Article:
The patron saint of Newcastle: An ode to the artistry of Saint-Maximin

In Depth
Saint Maximin Celebrating Newcastle

In a football world obsessed with stats and rigid structures, Allan Saint-Maximin is one of the game’s truest, freest entertainers.

Impossible not to like, the 24-year-old Newcastle United winger has been a joy to watch ever since he arrived in Tyneside just over two years ago.

On the pitch he is an artist, his mazy runs around defenders paint masterpieces that rival the French classics. With his headband on, the ball is his brush and the pitches of England are his canvases.

Off the field he is a comedian; his jokes, especially when Sunderland are the subject, ascend him beyond the status of cult hero to Sainthood at St James’ Park. And his touching tributes to his former manager Steve Bruce show that he is a man with his heart in the right place as well as his head.

Catching the eye

Born in Paris, Saint-Maximin was picked up by the Saint-Etienne academy. He made a handful of appearances for the first team before Monaco came calling. The Monegasque then loaned him out to Bundesliga side Hannover 96 where he made 16 league appearances with only one goal to his name.

The 2016-17 season brought with it another loan move, this time to Bastia in Ligue 1 where the first signs of the player he could become shone through. He scored three and assisted three in the league in a side which finished dead bottom of the table, catching the eye of Nice, who signed him the following summer.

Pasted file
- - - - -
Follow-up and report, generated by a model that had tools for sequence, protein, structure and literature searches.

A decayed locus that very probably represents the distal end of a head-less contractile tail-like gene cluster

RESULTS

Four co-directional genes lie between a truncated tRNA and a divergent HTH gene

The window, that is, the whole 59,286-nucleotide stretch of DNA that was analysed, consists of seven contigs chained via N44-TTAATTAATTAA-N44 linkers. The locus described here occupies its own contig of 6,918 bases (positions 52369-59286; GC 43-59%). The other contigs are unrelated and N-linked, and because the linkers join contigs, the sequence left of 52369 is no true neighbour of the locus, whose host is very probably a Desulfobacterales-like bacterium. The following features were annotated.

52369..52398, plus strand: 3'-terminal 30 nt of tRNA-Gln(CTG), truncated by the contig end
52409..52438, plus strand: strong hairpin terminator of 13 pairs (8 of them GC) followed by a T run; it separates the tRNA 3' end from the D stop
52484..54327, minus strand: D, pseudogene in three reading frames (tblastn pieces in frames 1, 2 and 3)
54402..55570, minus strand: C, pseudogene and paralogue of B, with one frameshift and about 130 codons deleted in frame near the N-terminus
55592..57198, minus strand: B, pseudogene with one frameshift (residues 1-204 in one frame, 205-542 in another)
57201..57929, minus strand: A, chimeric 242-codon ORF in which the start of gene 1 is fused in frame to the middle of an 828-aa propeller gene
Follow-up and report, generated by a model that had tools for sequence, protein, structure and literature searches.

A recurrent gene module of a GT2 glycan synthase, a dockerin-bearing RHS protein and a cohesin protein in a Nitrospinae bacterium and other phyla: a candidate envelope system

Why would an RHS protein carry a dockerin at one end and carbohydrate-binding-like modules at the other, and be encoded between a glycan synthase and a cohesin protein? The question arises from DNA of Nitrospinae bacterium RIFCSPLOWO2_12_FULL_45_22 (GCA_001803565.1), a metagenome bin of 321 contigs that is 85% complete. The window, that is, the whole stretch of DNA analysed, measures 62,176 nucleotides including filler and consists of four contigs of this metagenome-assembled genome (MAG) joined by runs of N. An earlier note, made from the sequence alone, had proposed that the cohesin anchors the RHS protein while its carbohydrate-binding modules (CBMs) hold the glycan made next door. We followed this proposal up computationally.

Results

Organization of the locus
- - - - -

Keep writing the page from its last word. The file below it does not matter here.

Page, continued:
Over two seasons with Les Aiglons, Saint-Maximin established himself as one of the most exciting talents in France. He played his first games in Europe and notched 10 direct goal contributions for the first time in his career.

Yet Nice finished a disappointing eighth, which saw Patrick Vieira replace Claude Puel as manager.

Despite a poor relationship between Vieira and Saint-Maximin, the winger would achieve five league goals and six league assists over the course of the following season to better his previous year’s haul.

But Viera believed Saint-Maximin did not have the attitude to go any further, saying he did not believe the young wide man would work hard enough to develop his game.

So when Newcastle came calling, Vieira sanctioned a move for Saint-Maximin, who headed to Tyneside for a reported fee of just £16.5million.

Newcastle’s history with signing players from Ligue 1 is perhaps best described as a mixed bag. While there were once clear success stories like Yohan Cabaye, Hatem Ben Arfa and Moussa Sissoko, recent years have taken some far less illustrious Frenchmen to Tyneside.

Florian Thauvin arrived from Marseille in 2015 and went straight back there on loan in January 2016. Likewise, Sylvain Marveaux failed to impress whilst on high wages and would later return to France. And the less said about Romain Amalfitano the better.

So there was some concern at St James Park that the signing of Saint-Maximin would follow in the footsteps of some of his less effective compatriots, that the French winger would not adapt to or enjoy life in Newcastle. To put it mildly, the complete opposite has been true.

The great entertainer

It probably all started with his headband. The Frenchman began the season playing in a Gucci headband that caught the attention of… well, everyone.